A ten-minute intermission allowed audience members to stretch and chat with the candidates before the start of the Bremerton School Board candidate session. Prior to the start of the school board discussion, Smith announced that Wendy Stevens, district 4 candidate, cited health reasons for her inability to attend. Her opponent, Alyson Rotter, was available for the event along with district 5 Carolynn Perkins, current board president who is running unopposed.
Both were given a chance to present opening statements as well.
Rotter focused on her love for the community and desire to see the education system in Bremerton grow due to her “vested interest” in seeing her childrens’ school district blossom.
“I’ve grown to really love Bremerton,” said the Port Angeles native. Perkins, running unopposed, touted her 30 years of educational experience as her reason to continue in the president’s position.
As someone who has been a teacher, director, principal and a co-founder of a school, Perkins moved to the area and said when she retired she “couldn’t sit still.” The current president stated that the education arena in Bremerton is well-known, and that the district has accolades to be proud of, including that the state science fair is held in the district. She also noted that Harvard collaborated with Bremerton educators for a past project, and that graduation rates have skyrocketed.
Rotter agreed with Perkins’ statements, and reiterated that the positives she is seeing in the local education system make her proud to be a parent and candidate in the district. The new candidate remarked that although high school graduation rates are improving, she wants to see college-going rates skyrocket as well. She called the issue “very near and dear to my heart” as an experienced scholarship counselor for the College Bound program who worked with low-income middle school students to work toward college goals.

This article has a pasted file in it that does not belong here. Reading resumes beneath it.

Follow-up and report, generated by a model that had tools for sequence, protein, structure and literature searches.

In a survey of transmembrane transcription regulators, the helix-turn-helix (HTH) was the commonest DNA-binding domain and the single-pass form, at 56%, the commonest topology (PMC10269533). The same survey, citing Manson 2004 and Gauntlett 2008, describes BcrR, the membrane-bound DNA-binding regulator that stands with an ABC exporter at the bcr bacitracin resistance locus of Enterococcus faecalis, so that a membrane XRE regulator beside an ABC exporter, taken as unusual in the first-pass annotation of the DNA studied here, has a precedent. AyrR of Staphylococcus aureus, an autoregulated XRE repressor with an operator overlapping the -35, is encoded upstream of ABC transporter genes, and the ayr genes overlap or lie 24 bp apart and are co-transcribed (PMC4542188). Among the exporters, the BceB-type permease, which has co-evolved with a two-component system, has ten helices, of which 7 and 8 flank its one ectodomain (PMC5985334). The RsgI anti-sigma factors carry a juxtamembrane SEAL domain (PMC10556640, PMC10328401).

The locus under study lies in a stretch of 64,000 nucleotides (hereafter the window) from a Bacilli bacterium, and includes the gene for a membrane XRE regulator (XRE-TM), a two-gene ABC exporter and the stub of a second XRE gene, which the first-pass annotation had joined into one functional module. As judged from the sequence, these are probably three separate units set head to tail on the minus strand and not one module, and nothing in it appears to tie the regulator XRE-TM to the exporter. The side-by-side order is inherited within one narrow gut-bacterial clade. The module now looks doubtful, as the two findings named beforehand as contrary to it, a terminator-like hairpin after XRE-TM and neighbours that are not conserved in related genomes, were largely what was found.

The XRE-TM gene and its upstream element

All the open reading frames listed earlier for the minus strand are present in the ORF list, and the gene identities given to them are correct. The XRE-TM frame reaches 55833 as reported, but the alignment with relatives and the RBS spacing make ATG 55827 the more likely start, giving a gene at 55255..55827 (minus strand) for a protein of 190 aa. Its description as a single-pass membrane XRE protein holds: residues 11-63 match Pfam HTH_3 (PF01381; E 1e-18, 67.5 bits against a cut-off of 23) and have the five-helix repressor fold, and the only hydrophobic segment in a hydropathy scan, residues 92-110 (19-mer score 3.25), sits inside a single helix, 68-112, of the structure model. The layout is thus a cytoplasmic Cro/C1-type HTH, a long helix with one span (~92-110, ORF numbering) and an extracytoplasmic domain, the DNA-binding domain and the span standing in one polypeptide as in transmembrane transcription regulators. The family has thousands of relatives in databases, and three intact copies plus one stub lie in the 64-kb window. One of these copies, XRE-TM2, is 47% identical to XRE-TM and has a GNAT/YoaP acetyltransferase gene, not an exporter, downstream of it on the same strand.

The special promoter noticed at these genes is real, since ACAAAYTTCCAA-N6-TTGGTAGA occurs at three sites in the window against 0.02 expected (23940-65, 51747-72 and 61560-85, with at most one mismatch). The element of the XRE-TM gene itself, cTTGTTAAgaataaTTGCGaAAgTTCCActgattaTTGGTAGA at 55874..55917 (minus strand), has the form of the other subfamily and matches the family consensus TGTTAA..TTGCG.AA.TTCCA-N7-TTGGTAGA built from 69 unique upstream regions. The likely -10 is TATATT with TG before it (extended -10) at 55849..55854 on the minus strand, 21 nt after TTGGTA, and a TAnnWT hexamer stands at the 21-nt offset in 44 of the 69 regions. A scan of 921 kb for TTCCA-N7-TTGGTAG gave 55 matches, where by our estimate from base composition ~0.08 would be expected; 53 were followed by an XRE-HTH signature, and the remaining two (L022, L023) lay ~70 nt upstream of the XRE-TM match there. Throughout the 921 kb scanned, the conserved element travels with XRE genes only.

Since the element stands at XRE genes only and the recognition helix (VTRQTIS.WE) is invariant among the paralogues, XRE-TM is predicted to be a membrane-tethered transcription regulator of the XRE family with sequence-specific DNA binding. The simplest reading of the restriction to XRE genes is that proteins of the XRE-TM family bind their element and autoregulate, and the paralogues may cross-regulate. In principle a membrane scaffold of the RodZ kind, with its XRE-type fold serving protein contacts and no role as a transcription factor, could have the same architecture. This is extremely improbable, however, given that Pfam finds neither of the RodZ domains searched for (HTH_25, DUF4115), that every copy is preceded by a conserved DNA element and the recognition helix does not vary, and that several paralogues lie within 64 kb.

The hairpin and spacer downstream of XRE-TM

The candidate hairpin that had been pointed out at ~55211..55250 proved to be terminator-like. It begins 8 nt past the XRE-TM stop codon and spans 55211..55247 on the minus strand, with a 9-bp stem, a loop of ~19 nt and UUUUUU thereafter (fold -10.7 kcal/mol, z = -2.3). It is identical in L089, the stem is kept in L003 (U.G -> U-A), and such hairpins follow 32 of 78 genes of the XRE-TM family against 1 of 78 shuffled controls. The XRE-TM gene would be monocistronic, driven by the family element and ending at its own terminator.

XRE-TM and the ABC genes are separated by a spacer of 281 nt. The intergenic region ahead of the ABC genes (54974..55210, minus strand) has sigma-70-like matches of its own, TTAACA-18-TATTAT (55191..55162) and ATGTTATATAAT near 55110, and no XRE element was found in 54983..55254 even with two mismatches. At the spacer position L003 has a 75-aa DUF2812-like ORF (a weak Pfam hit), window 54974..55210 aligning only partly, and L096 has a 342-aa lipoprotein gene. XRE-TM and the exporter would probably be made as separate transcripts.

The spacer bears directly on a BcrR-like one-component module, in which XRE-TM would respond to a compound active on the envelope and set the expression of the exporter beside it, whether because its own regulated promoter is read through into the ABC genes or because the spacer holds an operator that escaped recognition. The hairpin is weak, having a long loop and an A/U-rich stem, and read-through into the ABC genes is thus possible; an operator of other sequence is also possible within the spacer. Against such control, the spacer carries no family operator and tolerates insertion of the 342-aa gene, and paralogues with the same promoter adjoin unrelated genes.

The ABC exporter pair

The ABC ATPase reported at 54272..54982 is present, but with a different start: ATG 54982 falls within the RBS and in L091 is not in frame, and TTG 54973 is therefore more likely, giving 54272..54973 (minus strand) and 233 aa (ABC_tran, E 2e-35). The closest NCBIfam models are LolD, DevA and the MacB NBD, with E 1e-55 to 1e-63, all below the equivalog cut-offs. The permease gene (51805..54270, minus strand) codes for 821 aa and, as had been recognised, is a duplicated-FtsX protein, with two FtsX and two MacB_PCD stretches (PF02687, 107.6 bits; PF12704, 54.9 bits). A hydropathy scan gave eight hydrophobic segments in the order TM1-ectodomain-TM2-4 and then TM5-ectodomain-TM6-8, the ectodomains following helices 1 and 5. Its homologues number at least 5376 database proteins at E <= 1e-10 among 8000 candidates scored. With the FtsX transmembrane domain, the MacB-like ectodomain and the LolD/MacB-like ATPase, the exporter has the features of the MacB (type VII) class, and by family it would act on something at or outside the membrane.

Both candidates fielded questions regarding topics such as plans on helping middle school students seamlessly transition to high school, bettering transparency techniques and teacher morale. As an experienced board member, Perkins, who frequently visits schools, said she believes morale has gone “sky high” in recent months, mainly due to the insertion of a new superintendent. The board president also remarked that her inbox was filled with concerns and questions from the community regarding the replacement, something she always appreciates.
“They’re excited,” she said of staff under the new superintendent’s direction. “They are working hard.”
Rotter noted that her classroom visits and time in the district has shown the teachers have passion and heart when it comes to teaching. The position 4 candidate also noted that she felt the superintendent replacement was a good one.
“It seemed evident to me they felt this was a turning point,” she said of staff excitement.
For closing remarks, both candidates asked for the support of those in the room.Perkins restated her appreciation of staff--everyone from the janitors to the teachers--and said she learned a lot over the last four years about the district’s needs. Rotter remarked again about her love for the community and her personal interest to see that the district succeeds.
The president of the Women Voters League cut the questions short due to the center’s closing time of 8:30 p.m. and thanked participants and audience members for attending. After the event, Smith stated she felt it was a good opportunity for the community to see who is in the races.
“I’m very pleased,” she said of the overall event. “People are paying attention. I think that’s good for the community. It’s a fun thing to be doing for the community.”